“Yeah. What the heck happened? Did you stop in the middle of the road?” Leah asked. How the heck had she hit him when she was so far back?
The tall man was narrowing his eyes at her. “If you were paying attention you would have seen that asshole cut in front of me and if I didn’t slam on my brakes I was going to T-bone him.”
“So instead you took the risk I wouldn’t ram into you, which I did,” she said, feeling her anger rising when it rarely did before. This was going to end up being her fault, she knew it.
“You wouldn’t have hit me as hard if you’d had time to press on the brakes.”
“I was only going forty,” she said. “That’s the speed limit.”
He ran his hand through his thick wavy hair. Wow, he was good looking, not that now was the time to be thinking of that. “Doesn’t matter. You still rear-ended me.”
“I did. And I’m sorry,” she said, pulling out all of her diplomacy skills she had from dealing with annoying clients. She unbuckled her seatbelt and stepped out. Thankfully she wasn’t more than just shaken up and hoped to hell she didn’t get two shiners from this.
“Yeah,” he said, “I get it. Sorry. I’m running late for a meeting and this is putting me behind even more. Really, are you okay?”
“Shit,” she said, looking at her watch. Her hand went to her mouth. She never swore. “I’ve got a client that will be in my office in ten minutes.”
“I guess you are okay if that is the first thought on your mind. Looks like we’re both going to be missing our meetings. I’m Gabe, by the way.”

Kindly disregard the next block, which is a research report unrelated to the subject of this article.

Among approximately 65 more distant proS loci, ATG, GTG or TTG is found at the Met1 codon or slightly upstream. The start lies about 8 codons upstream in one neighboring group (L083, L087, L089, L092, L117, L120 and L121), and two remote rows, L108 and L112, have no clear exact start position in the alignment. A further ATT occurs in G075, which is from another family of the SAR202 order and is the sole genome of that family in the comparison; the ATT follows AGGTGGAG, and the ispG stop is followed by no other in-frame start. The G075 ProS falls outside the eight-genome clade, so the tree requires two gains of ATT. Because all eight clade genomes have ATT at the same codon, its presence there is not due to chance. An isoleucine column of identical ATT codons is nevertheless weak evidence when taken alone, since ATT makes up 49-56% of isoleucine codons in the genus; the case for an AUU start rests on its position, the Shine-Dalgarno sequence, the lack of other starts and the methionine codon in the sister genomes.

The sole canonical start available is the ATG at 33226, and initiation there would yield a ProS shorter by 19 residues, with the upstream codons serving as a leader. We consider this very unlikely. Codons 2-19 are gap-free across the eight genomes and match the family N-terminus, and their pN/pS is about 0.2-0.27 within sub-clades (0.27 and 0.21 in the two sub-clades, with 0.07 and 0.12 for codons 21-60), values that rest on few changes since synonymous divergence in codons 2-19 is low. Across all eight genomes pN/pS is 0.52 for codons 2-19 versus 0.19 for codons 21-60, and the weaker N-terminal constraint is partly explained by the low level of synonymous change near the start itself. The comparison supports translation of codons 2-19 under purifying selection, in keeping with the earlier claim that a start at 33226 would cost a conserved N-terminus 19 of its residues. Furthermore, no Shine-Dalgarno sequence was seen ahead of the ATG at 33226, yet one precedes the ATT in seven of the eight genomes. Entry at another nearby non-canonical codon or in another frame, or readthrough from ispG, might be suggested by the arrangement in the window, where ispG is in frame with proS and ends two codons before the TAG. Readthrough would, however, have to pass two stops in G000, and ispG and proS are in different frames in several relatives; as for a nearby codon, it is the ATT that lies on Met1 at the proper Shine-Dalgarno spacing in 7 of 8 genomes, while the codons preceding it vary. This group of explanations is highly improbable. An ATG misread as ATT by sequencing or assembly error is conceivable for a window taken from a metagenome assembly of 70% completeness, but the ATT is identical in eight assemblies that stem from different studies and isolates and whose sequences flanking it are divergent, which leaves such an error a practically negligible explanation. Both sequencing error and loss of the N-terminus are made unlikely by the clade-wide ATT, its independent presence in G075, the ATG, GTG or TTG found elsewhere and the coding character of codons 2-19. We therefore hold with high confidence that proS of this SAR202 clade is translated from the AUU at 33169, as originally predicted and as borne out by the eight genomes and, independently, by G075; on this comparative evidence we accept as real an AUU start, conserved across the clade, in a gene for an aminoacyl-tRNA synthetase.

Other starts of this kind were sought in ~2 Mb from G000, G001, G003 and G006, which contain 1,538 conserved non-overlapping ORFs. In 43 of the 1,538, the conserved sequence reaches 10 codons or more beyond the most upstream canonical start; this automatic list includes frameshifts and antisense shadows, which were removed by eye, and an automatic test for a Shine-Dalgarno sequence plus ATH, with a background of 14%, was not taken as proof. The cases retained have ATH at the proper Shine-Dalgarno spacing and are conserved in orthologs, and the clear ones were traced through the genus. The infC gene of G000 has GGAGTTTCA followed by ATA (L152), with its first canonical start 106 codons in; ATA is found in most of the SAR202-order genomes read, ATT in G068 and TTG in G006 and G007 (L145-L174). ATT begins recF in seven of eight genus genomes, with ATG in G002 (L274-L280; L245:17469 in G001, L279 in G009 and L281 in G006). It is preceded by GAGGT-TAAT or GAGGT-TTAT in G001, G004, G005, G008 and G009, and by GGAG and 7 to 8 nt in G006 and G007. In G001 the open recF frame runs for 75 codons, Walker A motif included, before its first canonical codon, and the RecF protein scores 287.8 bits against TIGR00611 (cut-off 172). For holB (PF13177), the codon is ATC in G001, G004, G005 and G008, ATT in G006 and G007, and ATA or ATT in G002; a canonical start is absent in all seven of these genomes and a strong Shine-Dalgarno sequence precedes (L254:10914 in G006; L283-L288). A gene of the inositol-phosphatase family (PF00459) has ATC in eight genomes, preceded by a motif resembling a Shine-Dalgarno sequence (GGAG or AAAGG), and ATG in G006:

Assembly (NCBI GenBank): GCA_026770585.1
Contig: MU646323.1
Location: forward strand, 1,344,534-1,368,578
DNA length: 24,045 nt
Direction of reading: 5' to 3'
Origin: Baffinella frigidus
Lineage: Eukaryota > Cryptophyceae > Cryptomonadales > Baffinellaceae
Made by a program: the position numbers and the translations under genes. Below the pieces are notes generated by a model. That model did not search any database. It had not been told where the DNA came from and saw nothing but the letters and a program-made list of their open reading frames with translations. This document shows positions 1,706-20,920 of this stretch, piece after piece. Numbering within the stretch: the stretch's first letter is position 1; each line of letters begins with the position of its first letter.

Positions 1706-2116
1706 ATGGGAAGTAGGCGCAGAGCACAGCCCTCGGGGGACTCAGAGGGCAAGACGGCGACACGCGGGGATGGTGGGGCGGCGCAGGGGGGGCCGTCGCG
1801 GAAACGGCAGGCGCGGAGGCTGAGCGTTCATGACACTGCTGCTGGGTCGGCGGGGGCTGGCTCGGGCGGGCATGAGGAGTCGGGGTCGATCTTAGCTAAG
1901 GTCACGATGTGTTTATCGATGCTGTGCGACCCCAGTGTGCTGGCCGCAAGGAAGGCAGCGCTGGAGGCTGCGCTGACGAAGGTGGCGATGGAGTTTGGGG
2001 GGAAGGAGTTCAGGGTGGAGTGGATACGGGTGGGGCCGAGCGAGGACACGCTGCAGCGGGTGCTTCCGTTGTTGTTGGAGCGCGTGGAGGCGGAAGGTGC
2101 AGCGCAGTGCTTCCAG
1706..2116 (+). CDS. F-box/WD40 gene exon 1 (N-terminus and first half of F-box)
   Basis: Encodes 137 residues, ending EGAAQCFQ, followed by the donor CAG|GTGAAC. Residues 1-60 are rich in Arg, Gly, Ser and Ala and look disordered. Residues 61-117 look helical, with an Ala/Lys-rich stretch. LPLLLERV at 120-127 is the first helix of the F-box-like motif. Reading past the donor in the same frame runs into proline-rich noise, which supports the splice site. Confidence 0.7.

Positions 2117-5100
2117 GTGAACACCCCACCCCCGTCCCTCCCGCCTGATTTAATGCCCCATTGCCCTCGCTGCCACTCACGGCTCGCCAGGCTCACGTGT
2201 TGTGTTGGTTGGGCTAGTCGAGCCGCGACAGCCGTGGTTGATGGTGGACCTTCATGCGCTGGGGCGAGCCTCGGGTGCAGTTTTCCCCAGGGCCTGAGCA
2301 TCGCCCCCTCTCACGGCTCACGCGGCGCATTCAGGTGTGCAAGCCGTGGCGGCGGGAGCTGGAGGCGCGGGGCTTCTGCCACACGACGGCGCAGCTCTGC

“Leah,” she said. “I guess one of us should call the police and I’m probably going to need a tow truck. I thought BMWs were made tougher than this.”
She was looking at her white BMW’s front end all crumpled up against the rear end of Gabe’s black one.
“At least we’ve got great taste in cars,” he said, but he didn’t laugh and neither did she.
She took another deep breath in since she’d mastered the breathing technique to get through the day at times, then she walked around to the passenger door and grabbed all her information for when the police showed up.
She wasn’t in the mood to chat with him, instead calling Madeline, her client that she was going to have to cancel, and then checking her text and email while trying to kill time. She was swamped and needed a full time assistant in the worst way but wasn’t quite ready to afford one yet.
There were so many things she wanted to do to expand her business. So many ideas, but for the moment, her methods of drumming up clients and vendors were working, so she had to stick with it unless she wanted to cut other expenses. Since she was bare bones in most areas, it wasn’t an option.
An hour later, the pleasantries of the police and sexy Gabe were done, they’d exchanged business cards in case there were any insurance issues, and she climbed into the tow truck to be brought to the BMW dealership for a rental while Gabe drove away.
She ran smack dab into a sexy guy and rather than getting her number for a date, she hoped she didn’t get a lawsuit.
Just another day in her life it seemed.